Saturday, December 28, 2013

2013 Holidazzle Run

This was the 5th year of my annual Holidazzle run. Part of this tradition includes an annual Christmas mixed CD that I also post on this blog. I threw in some oldies this year and was really happy with how it turned out. Until next year, Christmas tunes and Holiday runs!
Bar stop at the Park Pub on Phinney Ridge - picture from their FB page
Party Hard – Zach Gill
Silver Bells – Drew Holcomb & The Neighbors
Jingle Bells – Sammy Davis, Jr.
Little Drummer Boy – Pentatonix
Merry Christmas, Baby – Otis Redding
Something in the Air – Grayson Sanders & Jono Feat. Lauriana Mae
The Christmas Song – Gavin DeGraw
December 25 – Francesca Battistelli
Baby It’s Cold Outside – Drew Holcomb & The Neighbors
Love Is Christmas – Sara Bareilles
Wonderful Christmastime – Demi Lovato
Christmas Must Be Tonight – Bahamas
I’ll Be Home For Christmas – Frank Sinatra
What Christmas Means to Me – Cee Lo Green
Go Tell It On the Mountain – Drew Holcomb & The Neighbors
Christmas (Baby Please Come Home) – Darlene Love
It Came Upon A Midnight Clear – Norah Jones
Silent Night – Sarah McLachlan
Have Yourself a Merry Little Christmas – Christina Perri
Winter Wonderland – Kate Havnevik
Christmas Time Is Here (Charlie Brown Theme Vocal) – Vince Guaraldi Trio
Auld Lang Syne – Colbie Caillat

As far as Christmas cookies, I made a lot of my favorites and tried one new recipe. There were way too many leftover sweets!

Jimmy’s Pink Cookies
Chocolate Ganache Macaroons
Monster Cookies
Chocolate Mint Patties
Peanut Butter Kisses
New Recipe from the Smitten Kitchen cookbook: peanut butter and chocolate fondant

I also cooked up two types of chili, this chicken tortilla soup, and a few salads. Plus, there was the usual drinks, appetizers, and other Christmas party food (homemade Chex mix). I once again had a great time with my close friends, running through my neighborhood, seeing the holiday lights, and cheers-ing the season! Happy Holidazzle!


Kojak totally stole the show with her costume.


Thursday, December 26, 2013

2013 Goals

There are only a few more days before we turn over the calendars and dream new dreams in a new year. Whatever is left undone can, of course, be carried over to 2014. Or you can scrap the resolutions and tasks of 2013 and move on to the even better things ahead. But before we change out our calendars, I wanted to reflect on 2013, give some thanks, and put a little closure on the 2013 edition of my public Internet diary (aka – my blog).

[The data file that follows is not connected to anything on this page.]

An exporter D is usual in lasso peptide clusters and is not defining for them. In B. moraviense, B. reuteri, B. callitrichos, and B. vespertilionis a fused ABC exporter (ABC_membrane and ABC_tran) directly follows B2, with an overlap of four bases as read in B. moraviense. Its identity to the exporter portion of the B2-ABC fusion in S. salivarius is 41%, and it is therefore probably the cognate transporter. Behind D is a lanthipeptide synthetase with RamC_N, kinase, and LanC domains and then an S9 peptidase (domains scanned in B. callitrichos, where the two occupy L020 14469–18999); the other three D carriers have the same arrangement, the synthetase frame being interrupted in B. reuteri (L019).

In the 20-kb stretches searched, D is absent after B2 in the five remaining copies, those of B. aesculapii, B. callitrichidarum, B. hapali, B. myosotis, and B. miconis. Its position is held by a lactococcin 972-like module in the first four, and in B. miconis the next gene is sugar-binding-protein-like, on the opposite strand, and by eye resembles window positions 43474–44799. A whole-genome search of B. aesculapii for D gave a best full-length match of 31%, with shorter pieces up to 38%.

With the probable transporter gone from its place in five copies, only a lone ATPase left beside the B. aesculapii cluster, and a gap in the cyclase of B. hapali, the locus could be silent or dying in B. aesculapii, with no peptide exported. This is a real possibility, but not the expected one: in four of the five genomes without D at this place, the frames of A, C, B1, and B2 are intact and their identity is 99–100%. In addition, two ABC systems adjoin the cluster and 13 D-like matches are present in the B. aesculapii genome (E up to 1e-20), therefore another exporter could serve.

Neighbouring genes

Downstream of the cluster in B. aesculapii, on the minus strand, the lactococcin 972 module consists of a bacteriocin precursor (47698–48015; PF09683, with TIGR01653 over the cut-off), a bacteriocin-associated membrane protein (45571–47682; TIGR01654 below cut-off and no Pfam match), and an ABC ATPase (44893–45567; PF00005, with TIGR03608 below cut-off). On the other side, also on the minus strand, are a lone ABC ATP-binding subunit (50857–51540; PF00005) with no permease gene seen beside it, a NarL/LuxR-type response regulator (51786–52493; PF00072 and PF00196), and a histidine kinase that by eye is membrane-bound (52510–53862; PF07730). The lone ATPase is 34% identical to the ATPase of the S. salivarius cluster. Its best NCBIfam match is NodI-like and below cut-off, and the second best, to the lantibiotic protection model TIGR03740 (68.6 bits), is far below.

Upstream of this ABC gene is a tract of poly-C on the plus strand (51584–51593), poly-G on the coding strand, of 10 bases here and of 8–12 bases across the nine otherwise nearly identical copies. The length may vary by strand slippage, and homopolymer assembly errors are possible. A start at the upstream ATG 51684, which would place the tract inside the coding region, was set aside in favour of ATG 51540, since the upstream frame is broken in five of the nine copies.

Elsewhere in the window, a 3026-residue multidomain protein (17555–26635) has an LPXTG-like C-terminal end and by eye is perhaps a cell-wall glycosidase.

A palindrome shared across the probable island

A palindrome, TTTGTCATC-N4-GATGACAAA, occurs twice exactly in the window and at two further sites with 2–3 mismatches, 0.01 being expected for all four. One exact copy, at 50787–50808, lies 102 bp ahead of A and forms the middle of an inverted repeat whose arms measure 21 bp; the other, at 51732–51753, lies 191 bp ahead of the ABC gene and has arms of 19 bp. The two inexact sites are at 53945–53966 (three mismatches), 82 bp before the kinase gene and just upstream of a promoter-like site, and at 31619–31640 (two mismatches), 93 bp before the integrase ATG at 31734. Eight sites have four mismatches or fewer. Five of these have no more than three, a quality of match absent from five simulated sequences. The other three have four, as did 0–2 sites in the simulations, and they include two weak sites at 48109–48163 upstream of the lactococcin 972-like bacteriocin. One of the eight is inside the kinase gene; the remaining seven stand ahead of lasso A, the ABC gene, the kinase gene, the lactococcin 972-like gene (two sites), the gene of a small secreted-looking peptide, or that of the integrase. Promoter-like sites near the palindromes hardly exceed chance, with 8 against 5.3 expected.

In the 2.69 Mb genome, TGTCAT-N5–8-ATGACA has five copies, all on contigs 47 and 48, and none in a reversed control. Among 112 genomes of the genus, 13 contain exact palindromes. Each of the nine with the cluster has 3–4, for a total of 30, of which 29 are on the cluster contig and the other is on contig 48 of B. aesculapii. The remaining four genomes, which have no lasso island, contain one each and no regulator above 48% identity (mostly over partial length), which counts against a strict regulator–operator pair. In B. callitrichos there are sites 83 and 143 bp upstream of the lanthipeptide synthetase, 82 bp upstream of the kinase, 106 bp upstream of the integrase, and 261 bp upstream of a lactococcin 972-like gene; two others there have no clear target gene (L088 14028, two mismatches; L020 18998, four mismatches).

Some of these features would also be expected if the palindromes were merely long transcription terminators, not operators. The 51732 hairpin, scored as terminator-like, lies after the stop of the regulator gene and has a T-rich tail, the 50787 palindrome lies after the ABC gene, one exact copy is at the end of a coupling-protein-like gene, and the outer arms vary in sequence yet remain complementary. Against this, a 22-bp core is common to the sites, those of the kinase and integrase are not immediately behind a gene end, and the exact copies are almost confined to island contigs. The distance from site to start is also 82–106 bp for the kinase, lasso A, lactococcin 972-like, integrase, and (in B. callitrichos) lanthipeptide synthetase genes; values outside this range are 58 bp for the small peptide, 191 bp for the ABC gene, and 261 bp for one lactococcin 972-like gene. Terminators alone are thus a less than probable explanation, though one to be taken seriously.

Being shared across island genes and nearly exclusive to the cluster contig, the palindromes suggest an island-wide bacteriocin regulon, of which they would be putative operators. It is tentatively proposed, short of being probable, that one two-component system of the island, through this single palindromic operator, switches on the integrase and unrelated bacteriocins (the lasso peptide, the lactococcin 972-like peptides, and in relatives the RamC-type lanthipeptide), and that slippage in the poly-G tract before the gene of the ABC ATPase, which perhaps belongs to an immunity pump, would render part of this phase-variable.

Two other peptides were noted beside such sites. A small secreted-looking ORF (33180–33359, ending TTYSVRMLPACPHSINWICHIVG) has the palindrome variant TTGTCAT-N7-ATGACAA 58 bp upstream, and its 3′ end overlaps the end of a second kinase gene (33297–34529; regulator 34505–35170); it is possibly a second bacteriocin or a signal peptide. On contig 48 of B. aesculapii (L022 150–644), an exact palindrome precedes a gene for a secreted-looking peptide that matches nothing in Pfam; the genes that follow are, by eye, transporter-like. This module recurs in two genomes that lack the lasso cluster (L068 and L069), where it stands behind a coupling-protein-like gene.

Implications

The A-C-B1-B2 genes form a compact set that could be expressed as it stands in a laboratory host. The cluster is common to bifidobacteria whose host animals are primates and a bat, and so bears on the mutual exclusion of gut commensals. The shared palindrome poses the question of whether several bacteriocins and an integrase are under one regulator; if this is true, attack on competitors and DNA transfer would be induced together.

2013 Starbucks wrapper goals
In January I wrote about the bucket list my friend Jenn and I dreamt up and wrote down on the back of a Starbucks wrapper in 2006. Also in February I wrote down some athletic goals for 2013. The list above was pinned up at my work desk, as a daily reminder. I nailed some and came a bit short on others. In no particular order, here they are:
  • Half Marathon PR – YES, a 1:26:05 at Lake Sammamish Half Marathon 
  • Ironman PR – no, I was 46 seconds shy of my 2011 PR at CdA this year
  • Ironman swim PR – sub 1:06 – yes to the PR, no to the 1:06, I swam 1:07:07 at CdA
  • Ironman Run PR – sub 3:30 – no, I ran 3:35 at CdA
  • Sub 19:00 5k – YES, an 18:44 5k at the Mustache Dache and the female win!
  • Hood to Coast Awesomeness – YES of course, this goal was perhaps some low hanging fruit. We always have fun!
  • USAT All-American – TBD on this one. I’ll have to wait until 2014 to find out.
  • Half-Ironman PR – YES, 4:48 at Austin 70.3
  • Half-Ironman sub 1:30 run – no, 1:33 at Oceanside, 1:37 at Black Diamond, and 1:35 at Austin this year. Last year I ran 1:32:01 at Oceanside...
  • Sub 31:00 8k – no, but I think if I could have added 3 more kilometers to the Mustache Dache or Turkey Trot, I could have made it. Seafair was not the race for me to try it.
  • Run a XC Race – YES, and I loved it. More XC in 2014 I hope!

In 2009, when I first started getting serious about triathlon and figured things out with help from a coach, PRs came easily (the bar was set low, apparently). From 2009-2011, I broke my PRs every year at every distance (sprint, half Ironman, Ironman, half marathon, marathon). I can’t say I took this improvement for granted, but I know I didn’t appreciate it the way I do now. In 2012, I had a bit of an off year. Nothing was horrible, but there was a lot of fatigue and flatness in my races. In retrospect, that year taught me even more about fully appreciating small improvements.

Amazing highlight of 2013 - winning the amateur title at Ironman CdA